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Alignment of Preparation via First-year Physics Mechanics and Calculus Courses with Expectations for a Sophomore Statics and Dynamics Course

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Collection

2011 ASEE Annual Conference & Exposition

Location

Vancouver, BC

Publication Date

June 26, 2011

Start Date

June 26, 2011

End Date

June 29, 2011

ISSN

2153-5965

Conference Session

Teaching Dynamics

Tagged Division

Mechanics

Page Count

10

Page Numbers

22.153.1 - 22.153.10

Permanent URL

https://peer.asee.org/17434

Download Count

27

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Paper Authors

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Kristi J. Shryock Texas A&M University

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Kristi J. Shryock is a Lecturer and Director of Undergraduate Programs in the Department of Aerospace Engineering at Texas A&M University. She received both a B.S. and M.S. in
Aerospace Engineering from Texas A&M and received her Ph.D. in Interdisciplinary Engineering at Texas A&M in May 2011. Her research work focuses on engineering education.

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Arun R. Srinivasa Texas A&M University, Department of Mechanical Engineering

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Prof. Srinivasa received his bachelor's degree in mechanical engineering from the Indian Institute of Technology, Madras in 1986 and his Ph.D from the University of California at Berkeley. He is currently a professor in the mechanical engineering department and serves as a curriculum coordinator for the Freshman engineering program at the Dwight Look College of Engineering at Texas A&M University

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Jefferey E. Froyd Texas A&M University Orcid 16x16 orcid.org/0000-0002-4426-2681

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Jeffrey E. Froyd is the Director of Faculty Climate and Development at Texas A&M University. He served as Project Director for the Foundation Coalition, an NSF Engineering Education Coalition in which six institutions systematically renewed, assessed, and institutionalized their undergraduate engineering curricula, and extensively shared their results with the engineering education community. He co-created the Integrated, First-Year Curriculum in Science, Engineering and Mathematics at Rose-Hulman Institute of Technology, which was recognized in 1997 with a Hesburgh Award Certificate of Excellence. He has authored or co-authored over 70 papers on engineering education in areas ranging from curricular change to faculty development. He is collaborating on NSF-supported projects for 1.) renewal of the mechanics of materials course, 2.) improving preparation of students for Calculus I, and 3.) systemic application of concept inventories. He is currently an ABET Program Evaluator and a Senior Associate Editor for the Journal on Engineering Education.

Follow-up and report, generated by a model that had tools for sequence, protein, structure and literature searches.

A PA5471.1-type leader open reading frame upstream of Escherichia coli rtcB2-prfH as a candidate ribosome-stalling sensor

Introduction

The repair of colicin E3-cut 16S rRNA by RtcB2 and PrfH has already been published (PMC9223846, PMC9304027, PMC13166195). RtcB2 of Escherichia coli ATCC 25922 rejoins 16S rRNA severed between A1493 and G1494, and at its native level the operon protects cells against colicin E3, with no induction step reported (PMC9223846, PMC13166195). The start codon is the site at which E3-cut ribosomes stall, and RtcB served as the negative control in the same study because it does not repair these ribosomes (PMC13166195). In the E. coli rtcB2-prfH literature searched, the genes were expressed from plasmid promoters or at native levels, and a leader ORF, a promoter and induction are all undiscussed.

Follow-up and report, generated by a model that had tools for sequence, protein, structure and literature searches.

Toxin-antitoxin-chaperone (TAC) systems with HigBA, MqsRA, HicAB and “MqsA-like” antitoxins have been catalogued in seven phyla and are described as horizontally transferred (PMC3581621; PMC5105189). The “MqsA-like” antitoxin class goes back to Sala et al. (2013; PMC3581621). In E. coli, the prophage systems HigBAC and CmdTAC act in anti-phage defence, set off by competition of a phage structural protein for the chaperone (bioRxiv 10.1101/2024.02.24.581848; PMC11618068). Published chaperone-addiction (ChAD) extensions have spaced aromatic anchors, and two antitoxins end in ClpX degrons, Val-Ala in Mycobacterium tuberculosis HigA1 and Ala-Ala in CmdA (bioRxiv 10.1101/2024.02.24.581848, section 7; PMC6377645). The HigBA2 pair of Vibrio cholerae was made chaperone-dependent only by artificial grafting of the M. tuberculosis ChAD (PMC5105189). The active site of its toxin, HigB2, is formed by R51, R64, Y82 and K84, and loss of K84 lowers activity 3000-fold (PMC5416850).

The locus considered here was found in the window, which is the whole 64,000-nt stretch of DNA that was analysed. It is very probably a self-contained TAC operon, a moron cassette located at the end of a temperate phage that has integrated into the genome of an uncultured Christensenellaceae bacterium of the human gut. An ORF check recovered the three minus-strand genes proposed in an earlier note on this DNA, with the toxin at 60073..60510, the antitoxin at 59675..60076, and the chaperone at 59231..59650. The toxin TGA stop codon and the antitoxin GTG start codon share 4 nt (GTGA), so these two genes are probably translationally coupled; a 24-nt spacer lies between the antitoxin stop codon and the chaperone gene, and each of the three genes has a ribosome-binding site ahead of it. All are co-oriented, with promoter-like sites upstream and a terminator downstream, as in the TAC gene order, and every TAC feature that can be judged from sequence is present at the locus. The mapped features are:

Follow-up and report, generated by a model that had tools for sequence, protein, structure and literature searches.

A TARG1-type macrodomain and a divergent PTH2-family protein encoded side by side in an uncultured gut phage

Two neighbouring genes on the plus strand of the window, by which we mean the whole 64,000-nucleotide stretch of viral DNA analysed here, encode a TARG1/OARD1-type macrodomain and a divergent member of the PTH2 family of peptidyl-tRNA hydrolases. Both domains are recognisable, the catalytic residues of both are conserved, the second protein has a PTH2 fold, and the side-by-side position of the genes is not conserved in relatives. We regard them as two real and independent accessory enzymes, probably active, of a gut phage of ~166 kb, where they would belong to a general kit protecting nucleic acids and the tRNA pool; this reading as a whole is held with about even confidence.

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Abstract

Alignment of Preparation via First-year Physics Mechanics and Calculus Courses with Expectations for a Sophomore Statics and Dynamics CourseAnecdotally, engineering faculty members complain students taking sophomore engineeringscience courses are not prepared with respect to mathematics and physics. In response, facultymembers from mathematics and/or physics contend their courses have adequately preparedstudents in terms of needed knowledge and skills in their respective subjects. However, theseconversations are rarely supported by carefully analyzed data with respect to key questions.These questions include the following: • For sophomore engineering science courses, what is expected with respect to mathematical preparation? • For sophomore engineering science courses, what is expected with respect to preparation in physics mechanics? • To what extent are the expectations with respect to mathematics preparation aligned with the topics covered in first-year calculus courses? • To what extent are the expectations with respect to physics mechanics preparation aligned with the topics covered in first-year physics mechanics course?To answer the first two questions for a sophomore engineering course in statics and dynamics ata large public university, a doctoral student used Q-matrix theory to analyze all of the homeworkand exam problems to see what knowledge and skills in mathematics and physics mechanicswere needed to answer the questions. In addition to the analysis by the principal doctoral student,two doctoral students in mechanical engineering analyzed a set of randomly selected problems toprovide a check of the validity of the analysis. Instead of asking one or more engineering facultymembers for their expectations, analyzing homework and exam problems allowed the analysis tobe based on actual evidence from an offering of the course instead of perceptions of facultymembers about what they might want. From this analysis, a list of knowledge and skills inmathematics and physics mechanics was constructed.To answer the last two questions, the student compared the list of knowledge and skills to thesyllabi and table of contents for the first-year mathematics and physics mechanics courses. Thepaper will present results of these analyses and offer insights in terms of where the courses werewell aligned and where alignment could benefit from further attention. Hopefully, this analysiswill provide a firmer basis for future conversations about alignment between engineering sciencecourses and the first-year courses that are, in part, expected to prepare students for these courses.

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